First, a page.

Ferns Castle




N 52° 35' 26.46"   W 006° 29' 57.78"

Nearest town


Grid Ref.

T 01676 49882

Map No.


Elevation a.s.l. (m)


Date of visit

Friday 15 June 2007

GPS Accuracy (m)

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The castle seen from the car park.

Ferns castle is right in the centre of the town.
The first records tell of an early building, a timber castle, erected here by Diarmait Mac Murchadha in 1166, but this building was later destroyed by his enemy Tiernan O'Rourke.
This stone fortress was ordered by William Marshal, first Earl of Pembroke, but it was completed only in in 1224, when he had already died. The castle was given to his widow, and remained in the possesion of the Marshal family until 1324. The Irish captured and burned the castle in 1346, but the Roche family retook the building and repaired it. From 1360 to 1539 the castle was property of the Kavanagh family, but it was burned down again in 1577. It underwent a new reconstruction in 1607 but it was eventually surrendered to the Cromwell's general Coote in 1641.

The castle was partly built on a rock outcrop around which a moat was cut out. Part of the building material came from the cutting of this moat, the rest of the material came from a different quarry. Most of castle, though, was built on earth, where the remains of the earlier timber castle were.
The structure was almost square in plan, with four round towers. Today only two of these towers survive, the southwest and the southeast ones, but only the latter is complete and can be visited inside with a guided tour.
A modern timber stairs leads to the entry level. From this level a spiral staircase leads to the upper floors. The first floor is a wonderful circular chapel with a vaulted roof and eight ribs starting from eight corbels. The ceiling is also supported by four main ribs. Close to each rib there are carved heads or floral carvings. The eight ribs meet the four main ribs to form five crosses where five carved rosettes are. The small recessed altar is in the east wall of the chapel, along with a cupboard and a piscina. The second floor is a chamber with narrow windows and a fireplace. Above this chamber is the roof.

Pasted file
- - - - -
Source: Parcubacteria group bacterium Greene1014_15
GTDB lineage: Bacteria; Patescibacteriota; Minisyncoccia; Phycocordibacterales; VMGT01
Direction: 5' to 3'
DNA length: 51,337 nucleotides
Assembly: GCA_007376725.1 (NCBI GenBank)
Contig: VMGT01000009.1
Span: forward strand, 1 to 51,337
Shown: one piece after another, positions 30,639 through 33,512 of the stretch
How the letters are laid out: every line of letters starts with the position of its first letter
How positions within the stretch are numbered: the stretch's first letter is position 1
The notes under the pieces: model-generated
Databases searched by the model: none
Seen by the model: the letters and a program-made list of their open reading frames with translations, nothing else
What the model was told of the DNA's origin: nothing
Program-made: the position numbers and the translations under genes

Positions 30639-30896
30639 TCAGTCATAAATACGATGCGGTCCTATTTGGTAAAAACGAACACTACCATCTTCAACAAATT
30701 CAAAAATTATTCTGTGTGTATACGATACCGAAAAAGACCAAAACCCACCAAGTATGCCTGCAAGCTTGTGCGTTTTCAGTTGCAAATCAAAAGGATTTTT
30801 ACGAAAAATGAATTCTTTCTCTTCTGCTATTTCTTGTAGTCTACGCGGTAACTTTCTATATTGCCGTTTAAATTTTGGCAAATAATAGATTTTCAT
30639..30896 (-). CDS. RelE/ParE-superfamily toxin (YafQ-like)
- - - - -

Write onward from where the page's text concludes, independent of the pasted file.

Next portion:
The southwest tower is much more derelict. One interesting feature, though, is the fine gargoyle just below the battlements level.
At the ground level three walls of the castle can still be seen, to the north, east and south. The main hall was probably in the east section where the beautiful fireplace still survives. During the excavations no foundations were found in the courtyard, so the internal structure of the castle was made from timber.

This was my third visit to this castle, the first one being in August 1989 and the second one on July 5th, 1994.

UPDATE: June 12th, 2013 - Fourth visit to the Ferns castle. New photographs taken. The first five photos are from the previous visit.

UPDATE: June 22nd, 2017 - Fifth visit to this castle. I took photos of details that I had missed in the past. The last 7 photos in this page are from this visit.

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